The Criterion Shelf: Best Foreign Language Film Winners

Just in time to continue the buzz from Awards Season, the Criterion Channel presents a collection of Oscar winners in what was previously called the Best Foreign Language Film category. (It’s now called Best International Feature Film, which sounds less xenophobic, but, as the rules about the film’s language haven’t changed, feels like a wasted effort.) Moreover, with news that Best Picture winner Parasite is joining Criterion, it’s worth exploring this shelf of the Collection.

 


“Best Foreign Language Film”: A Fickle Category

The films in this category haven’t always captured the very best on the international stage, which might have to do with the rules for submission. One film per country means that it doesn’t matter if all the amazing movies you saw that year were French or Taiwanese. However, it does mean that a Cambodian film with no distributor has a genuine shot against films whose originating countries are popular in North American arthouses. That the nominated film has to be submitted by a voting body that is, in some cases, more or less that country’s version of the Academy means that the submissions tend to skew to old-guard tastes (like when Spain chose something safer like Mondays in the Sun in place of Talk To Her and watched in horror as Pedro Almodóvar won a screenplay Oscar and shamed them for their foolishness).

For those of us who were once burgeoning film lovers longing to go beyond the shopping mall, the Oscars were our gateway drug. the Foreign Language Film category, while not pointing us directly at Chantal Akerman or Ousmane Sembene, at least got us started on our way.

Here’s my take on the films in Criterion’s current collection, arranged in preferential order.

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The Official Story (Luis Puenzo, 1985)

One of my all-time favourites and the gold standard of Argentinean cinema’s reconciling with the Dirty War. This is a terrifying tale of a bourgeois professor who begins to suspect that her adopted daughter might be the child of a “desaparecido.” The investigation of which opens her eyes to the realities of her country’s history.

 


Babette’s Feast (Gabriel Axel, 1987)

A letter-perfect film, this adaptation of Isak Dinesen (née Karen Blixen)’s short story distills the longings of the human soul down to the experience of one magnificent meal. It does so in quiet, languid tones that feel as reverent as a prayer.

 


Rashomon (Akira Kurosawa, 1950)

Kurosawa’s breakthrough film is still one of the most fascinating examinations of the power of sympathy in narrative and the notion of truth itself. Criterion’s restoration has made sure it gleams like silver lightning.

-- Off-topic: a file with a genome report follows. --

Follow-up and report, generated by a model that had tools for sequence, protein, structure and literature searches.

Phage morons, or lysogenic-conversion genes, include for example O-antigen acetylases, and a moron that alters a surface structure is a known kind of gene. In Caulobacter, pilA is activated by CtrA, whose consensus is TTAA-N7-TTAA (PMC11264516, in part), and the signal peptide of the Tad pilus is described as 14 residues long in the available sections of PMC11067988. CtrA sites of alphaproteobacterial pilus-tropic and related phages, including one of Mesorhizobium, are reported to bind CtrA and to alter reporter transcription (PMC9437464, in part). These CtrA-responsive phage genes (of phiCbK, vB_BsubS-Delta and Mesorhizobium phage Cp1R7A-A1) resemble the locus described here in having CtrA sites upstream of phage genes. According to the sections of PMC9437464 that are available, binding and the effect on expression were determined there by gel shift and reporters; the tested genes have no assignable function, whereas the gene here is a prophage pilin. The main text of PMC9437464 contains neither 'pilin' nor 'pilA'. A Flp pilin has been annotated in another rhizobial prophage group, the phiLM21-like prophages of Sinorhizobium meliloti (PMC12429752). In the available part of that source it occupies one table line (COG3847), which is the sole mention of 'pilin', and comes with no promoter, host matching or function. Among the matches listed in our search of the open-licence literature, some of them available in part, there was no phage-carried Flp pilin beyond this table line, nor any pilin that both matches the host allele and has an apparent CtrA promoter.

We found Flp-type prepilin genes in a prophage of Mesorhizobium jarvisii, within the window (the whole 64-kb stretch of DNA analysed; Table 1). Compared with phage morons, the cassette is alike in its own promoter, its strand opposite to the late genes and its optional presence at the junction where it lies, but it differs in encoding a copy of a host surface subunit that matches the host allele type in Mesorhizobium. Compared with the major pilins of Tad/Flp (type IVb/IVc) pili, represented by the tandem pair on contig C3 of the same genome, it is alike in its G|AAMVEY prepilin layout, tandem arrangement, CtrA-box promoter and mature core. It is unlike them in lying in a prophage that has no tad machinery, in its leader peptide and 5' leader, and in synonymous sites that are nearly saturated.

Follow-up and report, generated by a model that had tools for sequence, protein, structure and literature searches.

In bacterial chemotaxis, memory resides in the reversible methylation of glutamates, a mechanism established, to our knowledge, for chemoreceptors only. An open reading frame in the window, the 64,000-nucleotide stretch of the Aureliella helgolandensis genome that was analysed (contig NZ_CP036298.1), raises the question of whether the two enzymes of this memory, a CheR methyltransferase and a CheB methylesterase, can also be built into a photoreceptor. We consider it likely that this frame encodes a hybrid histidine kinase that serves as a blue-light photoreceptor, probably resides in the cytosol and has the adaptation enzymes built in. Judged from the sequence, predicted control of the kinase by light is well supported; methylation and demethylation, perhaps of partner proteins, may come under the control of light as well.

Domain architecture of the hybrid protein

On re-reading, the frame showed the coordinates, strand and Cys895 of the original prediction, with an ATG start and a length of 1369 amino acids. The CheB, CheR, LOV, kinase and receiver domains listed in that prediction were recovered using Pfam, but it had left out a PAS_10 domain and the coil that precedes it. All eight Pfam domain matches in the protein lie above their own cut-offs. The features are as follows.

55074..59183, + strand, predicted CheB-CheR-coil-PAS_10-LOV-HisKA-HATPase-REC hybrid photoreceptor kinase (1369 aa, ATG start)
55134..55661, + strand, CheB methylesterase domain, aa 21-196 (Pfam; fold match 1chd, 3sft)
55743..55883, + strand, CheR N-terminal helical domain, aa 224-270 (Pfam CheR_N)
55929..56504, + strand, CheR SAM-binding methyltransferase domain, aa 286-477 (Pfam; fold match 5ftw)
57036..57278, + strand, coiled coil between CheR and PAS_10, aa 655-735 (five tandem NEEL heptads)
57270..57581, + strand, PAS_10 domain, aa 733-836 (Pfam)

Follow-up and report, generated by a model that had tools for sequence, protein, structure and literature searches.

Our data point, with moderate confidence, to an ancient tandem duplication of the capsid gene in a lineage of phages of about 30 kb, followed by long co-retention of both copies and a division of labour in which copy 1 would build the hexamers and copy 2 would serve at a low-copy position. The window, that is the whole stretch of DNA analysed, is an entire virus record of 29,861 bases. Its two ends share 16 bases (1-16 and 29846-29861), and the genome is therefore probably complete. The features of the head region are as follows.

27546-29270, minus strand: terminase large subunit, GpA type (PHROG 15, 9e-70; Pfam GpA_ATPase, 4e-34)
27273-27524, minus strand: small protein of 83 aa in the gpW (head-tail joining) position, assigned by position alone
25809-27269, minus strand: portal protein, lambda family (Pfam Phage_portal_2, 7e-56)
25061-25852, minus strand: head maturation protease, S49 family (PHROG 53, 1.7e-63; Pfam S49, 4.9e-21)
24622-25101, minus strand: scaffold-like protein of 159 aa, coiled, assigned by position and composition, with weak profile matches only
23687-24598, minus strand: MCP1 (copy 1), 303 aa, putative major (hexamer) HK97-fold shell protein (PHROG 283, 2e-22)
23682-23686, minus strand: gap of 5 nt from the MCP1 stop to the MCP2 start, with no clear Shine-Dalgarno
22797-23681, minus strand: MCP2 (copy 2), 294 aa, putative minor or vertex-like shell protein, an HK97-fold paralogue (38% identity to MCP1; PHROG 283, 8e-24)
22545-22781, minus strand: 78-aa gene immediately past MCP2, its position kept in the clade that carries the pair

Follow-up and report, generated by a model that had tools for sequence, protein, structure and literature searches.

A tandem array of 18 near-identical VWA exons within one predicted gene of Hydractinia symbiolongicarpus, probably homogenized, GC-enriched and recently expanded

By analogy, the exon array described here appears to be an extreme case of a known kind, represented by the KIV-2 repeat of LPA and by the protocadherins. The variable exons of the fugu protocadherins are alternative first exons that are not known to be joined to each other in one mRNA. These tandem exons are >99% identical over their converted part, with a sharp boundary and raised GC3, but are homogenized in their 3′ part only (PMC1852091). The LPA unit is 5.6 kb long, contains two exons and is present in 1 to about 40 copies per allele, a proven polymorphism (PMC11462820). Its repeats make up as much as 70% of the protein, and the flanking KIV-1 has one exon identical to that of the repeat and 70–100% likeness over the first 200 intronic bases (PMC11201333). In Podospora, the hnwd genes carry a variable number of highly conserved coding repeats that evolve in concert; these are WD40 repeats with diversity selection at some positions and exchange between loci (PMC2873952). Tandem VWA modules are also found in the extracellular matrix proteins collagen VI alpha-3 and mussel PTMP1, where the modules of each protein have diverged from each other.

8 1/2 (Federico Fellini, 1963)

The movie that made me love Fellini and plunged me into a passion for ’60s Italian cinema, the maestro’s semi-autobiographical rumination on the crippling fears that accompany artistic inspiration still retains its beauty and its anguish. (Although La Dolce Vita is still my favourite.)

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War and Peace (Sergei Bondarchuk, 1966)

I happily sat through all eight hours of this film over two nights at Jackman Hall. This is by far the best adaptation ever made of Tolstoy’s desert island read and one of the most spectacular films ever made.

 


Day For Night (François Truffaut, 1973)

François Truffaut makes the Gone with the Wind of films about filmmaking. Day for Night is a sharp, funny, and briskly energetic tale of a director (Truffaut himself) trying to keep it together on a film set plagued with issues. The words “tub butter” will never leave your mind again.

 


Nights of Cabiria (Federico Fellini, 1957)

A year after La Strada, Fellini once again balances fantasy and grim reality with this tale of a prostitute whose constant bad luck can’t ruin her optimism. A lot of it is funny, but sequences like her religious pilgrimage pierce the heart. Masina deservedly won Best Actress at Cannes for her performance.

 


The Virgin Spring (Ingmar Bergman, 1960)

This dramatic rendering of a medieval fable proves that Bergman isn’t only a master of movies that ruminate on god and death. It’s one of the few movies he directed without writing the script, and the sequence involving the titular water source is so simple and yet is one of the most magical scenes in film history.

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Closely Watched Trains (Jiří Menzel, 1966)

Coming of age has rarely been done with such muted eroticism, sympathy or delicacy. This is a delicious tale of a train conductor who experiences the first blossoms of adulthood but can’t escape a world that has no room for his innocence.

 

Amarcord (Federico Fellini, 1973)

Fellini’s most personal film is a collection of memories from his childhood in Rimini. His last widely-acclaimed film, it’s also among his most elegant and sweet.